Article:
It’s been a few days shy of the one month mark since I’ve left the San Fernando Valley in Southern California, and embarked on my journey of self-discovery to the Emerald Isle! Aaaand this is probably why I shouldn’t blog, but foreal, I’ve now been in Dublin, Ireland for a little over a month and it’s still surreal to me. It’s hard to digest the fact, still, that I’m on the other side of the globe, away from friends and family.
However, like with anything in life, you learn to adapt to new experiences and circumstances. Now, weirdly enough, Dublin has started to feel like ‘home’.
I remember the first couple of days that I was here, the streets of Dublin were completely new to me (of course). I didn’t know my way around, I was constantly relying on Google Maps and yet I was still constantly getting lost. Now, after a few weeks of practice –– although I have yet to explore many corners of Dublin –– the streets of the city are beginning to feel familiar. It’s odd to think back to when this was a completely new city to me, and how I felt in relation to it: extremely out of place. Today, I revisit that feeling and I look around the city, laughing a little at how quickly you can grow accustomed to a place.
First thing’s first, you might be wondering why I’m in Ireland. I know you’re dying to know. I came to study abroad at Trinity College, Dublin for a semester (3 months total). I’m here as a part of UCEAP study abroad program from my home university UC Santa Cruz. But why Ireland? Why Trinity College? In part because I enjoyed the film P.S. I Love You a little too much (it was filmed here, in the Irish countryside of Wicklow Co.) Another reason as to why I chose to study in Ireland was the friendly culture that I’ve read a lot about, but even more importantly because of Trinity College being a top university to study literature in.
Trinity College is where literary figures such as Samuel Beckett (Irish novelist and playwright), Sheridan Le Fanu (writer of gothic tales and novels), Bram Stoker (author of Dracula), Jonathan Swift (satirist and essayist), and Oscar freakin’ Wilde (Irish playwright, novelist, and poet) attended. IT’S AN ENGLISH MAJOR’S DREAM, or just mine. It feels quite awesome to be surrounded by so much passion, love and dedication to literature here at Trinity College and Dublin. There are many museums, bridges and statues throughout the city named and honored after great Irish writers. It’s a dream, and it always makes me feel giddy when I run into literary-themed anything. Dublin was also the birthplace of James Joyce, author of Dubliners and Ulysses, one of most influential writers of the 20th century. Dublin is also the birthplace of Oscar Wilde, his house is located in Merrion Square along with a statue of Wilde himself! And of course, I took one too many selfies when I visited Mr. Wilde’s statue.
Trinity College is also home to the Book of Kells, an illuminated manuscript, dating back to c. 800. It’s kind of a big deal. The Old Library houses the Book of Kells, and the main chamber of the library is the Long Room. At nearly 213 ft. in length, the Long Room is filled with 200,000 of Ireland’s oldest books. It is heaven. When I visited the Dublin Writer’s Museum, a sign read, “Ireland: An Island of Writers.” Yes, indeed.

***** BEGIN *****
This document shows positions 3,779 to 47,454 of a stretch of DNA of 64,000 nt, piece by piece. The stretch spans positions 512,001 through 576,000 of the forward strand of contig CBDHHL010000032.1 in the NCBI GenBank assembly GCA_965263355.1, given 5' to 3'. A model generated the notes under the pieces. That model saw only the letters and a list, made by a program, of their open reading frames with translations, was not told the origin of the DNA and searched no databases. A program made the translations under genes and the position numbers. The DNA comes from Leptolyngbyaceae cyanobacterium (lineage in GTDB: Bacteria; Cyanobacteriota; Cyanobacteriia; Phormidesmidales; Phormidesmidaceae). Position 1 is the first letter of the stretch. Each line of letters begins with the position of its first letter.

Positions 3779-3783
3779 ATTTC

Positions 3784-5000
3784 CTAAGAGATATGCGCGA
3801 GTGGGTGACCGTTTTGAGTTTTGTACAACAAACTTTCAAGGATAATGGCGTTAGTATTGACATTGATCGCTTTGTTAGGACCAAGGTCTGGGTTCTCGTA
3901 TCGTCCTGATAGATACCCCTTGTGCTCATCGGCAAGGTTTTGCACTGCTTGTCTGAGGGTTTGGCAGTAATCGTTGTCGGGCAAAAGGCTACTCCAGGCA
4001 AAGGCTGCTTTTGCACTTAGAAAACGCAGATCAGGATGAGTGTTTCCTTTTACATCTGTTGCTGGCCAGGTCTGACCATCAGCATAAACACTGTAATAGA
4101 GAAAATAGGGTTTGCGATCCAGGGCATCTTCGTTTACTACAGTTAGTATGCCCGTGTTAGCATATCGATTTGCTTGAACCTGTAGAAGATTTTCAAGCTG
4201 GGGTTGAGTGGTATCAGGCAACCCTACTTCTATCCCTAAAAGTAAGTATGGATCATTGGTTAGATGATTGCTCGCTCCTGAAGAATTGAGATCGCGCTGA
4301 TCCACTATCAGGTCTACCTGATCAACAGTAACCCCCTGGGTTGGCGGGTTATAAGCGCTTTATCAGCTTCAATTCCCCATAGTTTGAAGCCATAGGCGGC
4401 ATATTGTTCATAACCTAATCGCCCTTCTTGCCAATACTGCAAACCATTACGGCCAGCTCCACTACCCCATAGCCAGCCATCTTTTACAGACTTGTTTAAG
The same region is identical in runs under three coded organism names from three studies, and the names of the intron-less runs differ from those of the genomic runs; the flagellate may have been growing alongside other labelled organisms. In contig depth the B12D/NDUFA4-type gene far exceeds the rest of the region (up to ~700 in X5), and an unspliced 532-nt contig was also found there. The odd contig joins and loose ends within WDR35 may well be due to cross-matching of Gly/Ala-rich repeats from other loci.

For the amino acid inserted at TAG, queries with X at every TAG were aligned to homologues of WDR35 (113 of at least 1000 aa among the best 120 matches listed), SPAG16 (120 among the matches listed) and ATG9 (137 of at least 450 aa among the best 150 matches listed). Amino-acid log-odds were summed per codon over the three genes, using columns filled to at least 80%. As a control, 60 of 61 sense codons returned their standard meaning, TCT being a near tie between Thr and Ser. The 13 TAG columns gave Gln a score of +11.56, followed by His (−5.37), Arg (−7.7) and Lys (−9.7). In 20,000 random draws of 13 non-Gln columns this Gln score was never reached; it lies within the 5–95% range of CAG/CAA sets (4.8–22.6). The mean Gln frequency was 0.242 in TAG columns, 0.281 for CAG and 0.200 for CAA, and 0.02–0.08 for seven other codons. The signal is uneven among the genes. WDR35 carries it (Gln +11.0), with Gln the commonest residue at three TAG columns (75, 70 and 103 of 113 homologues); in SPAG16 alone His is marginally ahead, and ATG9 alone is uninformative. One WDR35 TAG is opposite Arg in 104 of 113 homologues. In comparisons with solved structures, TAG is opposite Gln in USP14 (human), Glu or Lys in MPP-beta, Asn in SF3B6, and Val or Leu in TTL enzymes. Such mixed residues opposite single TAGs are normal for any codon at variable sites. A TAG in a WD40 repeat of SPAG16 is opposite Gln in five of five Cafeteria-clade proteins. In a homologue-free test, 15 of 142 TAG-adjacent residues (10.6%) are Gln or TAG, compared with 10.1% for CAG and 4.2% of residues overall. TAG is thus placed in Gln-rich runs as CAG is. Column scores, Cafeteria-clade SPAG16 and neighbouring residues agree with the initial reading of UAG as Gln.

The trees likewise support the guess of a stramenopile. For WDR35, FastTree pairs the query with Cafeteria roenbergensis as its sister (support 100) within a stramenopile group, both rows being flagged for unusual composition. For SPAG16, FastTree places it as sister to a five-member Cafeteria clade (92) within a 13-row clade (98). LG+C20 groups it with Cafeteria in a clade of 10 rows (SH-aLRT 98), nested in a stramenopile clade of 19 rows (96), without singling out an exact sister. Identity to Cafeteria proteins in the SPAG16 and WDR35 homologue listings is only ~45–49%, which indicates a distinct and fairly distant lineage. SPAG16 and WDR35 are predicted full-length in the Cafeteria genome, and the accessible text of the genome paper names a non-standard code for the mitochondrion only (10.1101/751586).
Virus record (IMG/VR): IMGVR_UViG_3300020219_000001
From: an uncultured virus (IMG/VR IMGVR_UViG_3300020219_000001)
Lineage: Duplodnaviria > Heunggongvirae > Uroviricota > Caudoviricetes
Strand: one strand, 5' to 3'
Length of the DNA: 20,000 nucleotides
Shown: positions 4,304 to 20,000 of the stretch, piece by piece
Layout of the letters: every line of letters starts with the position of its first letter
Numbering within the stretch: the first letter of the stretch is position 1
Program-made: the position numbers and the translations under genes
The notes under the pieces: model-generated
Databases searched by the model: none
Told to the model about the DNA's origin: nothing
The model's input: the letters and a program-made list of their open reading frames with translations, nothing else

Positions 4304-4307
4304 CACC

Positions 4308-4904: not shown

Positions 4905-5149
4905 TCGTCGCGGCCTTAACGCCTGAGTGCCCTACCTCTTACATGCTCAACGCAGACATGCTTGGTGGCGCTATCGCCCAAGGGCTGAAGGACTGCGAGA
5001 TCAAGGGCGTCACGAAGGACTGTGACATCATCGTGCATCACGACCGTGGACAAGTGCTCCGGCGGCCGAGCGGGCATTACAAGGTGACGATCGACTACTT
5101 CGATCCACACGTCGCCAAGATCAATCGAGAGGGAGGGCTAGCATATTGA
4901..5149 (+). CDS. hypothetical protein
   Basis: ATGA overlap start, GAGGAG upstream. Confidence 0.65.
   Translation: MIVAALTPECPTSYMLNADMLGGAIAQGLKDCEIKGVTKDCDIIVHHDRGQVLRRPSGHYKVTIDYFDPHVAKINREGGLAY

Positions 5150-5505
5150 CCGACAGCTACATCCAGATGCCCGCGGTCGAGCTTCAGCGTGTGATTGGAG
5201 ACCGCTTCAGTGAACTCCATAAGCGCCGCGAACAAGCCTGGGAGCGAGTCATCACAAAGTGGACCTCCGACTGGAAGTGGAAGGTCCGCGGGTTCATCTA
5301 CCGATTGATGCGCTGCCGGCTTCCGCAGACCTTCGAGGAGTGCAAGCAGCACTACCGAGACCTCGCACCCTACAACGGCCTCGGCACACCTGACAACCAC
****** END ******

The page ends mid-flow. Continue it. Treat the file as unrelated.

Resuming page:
Aside from reading and learning more about literature while in Ireland, I’ve also learned some other things here and there about the Irish culture:
1. Little if not none of the food I’ve tried here is spicy. This is hurting my soul, I’m Latina and I love me some chile! I need me some chile!
2. If you want to know what’s happening around town or what pubs/clubs are poppin’, are in Ireland they say: “What’s the craic?” Craic meaning “good fun, entertainment” etc.
3. Most, if not all of the streets here have no street name sign! So you can’t really blame me for getting lost.
4. The euro and the conversion rate is hurting my pocket because of reasons.
5. Irish Coffee is something unlike anything I’ve ever tried. But it is quite delicious. Who knew I could simultaneously get a little buzz and a kick of caffeine?
6. Guinness is EVERYWHERE, and I mean EVERYWHERE.
7. McDonald’s are very popular here, and they’re 2-3-4 stories high. Why? I’ve tried not to step foot inside one, but, I failed.
8. Ireland has the 4th largest stadium in Europe –– Croke Park stadium. I live right across the street from Croke Park, in a small flat.
9. There will be sunshine, rain and wind all in one hour.
10. There is never not anything to do here in Dublin. Pubs are on every corner, museums here and there, castles, souvenir shops, beautiful parks, etc!
11. There are a lot of white people here, and I am brown. So, a lot of Irish people confuse me for Brazilian.
Anyway, aside from those lil’ fun facts, it’s truly been quite an experience so far. Now that I’m more settled in, I feel I can tap into how I felt when I first arrived here and well, blog about it. The first couple of days here, I also felt quite homesick. I’m not one that likes to feel homesick (I mean, who does?) or one that likes to talk about being homesick because well, who decided to leave California and live in Ireland for 3 months? But, it’s completely normal and since I’m nearly 5,000 miles away from home, there’s really no going back. You just have to put your big girl pants on and deal with it the best way that you can. 3 months sound like a very long time, but it’s also a very short time. See, I’m 1/3 of the way there already. I’m sure I’m going to miss it so much when I return to California, so it’s best to enjoy my time here because it is a once in a lifetime opportunity, in some ways.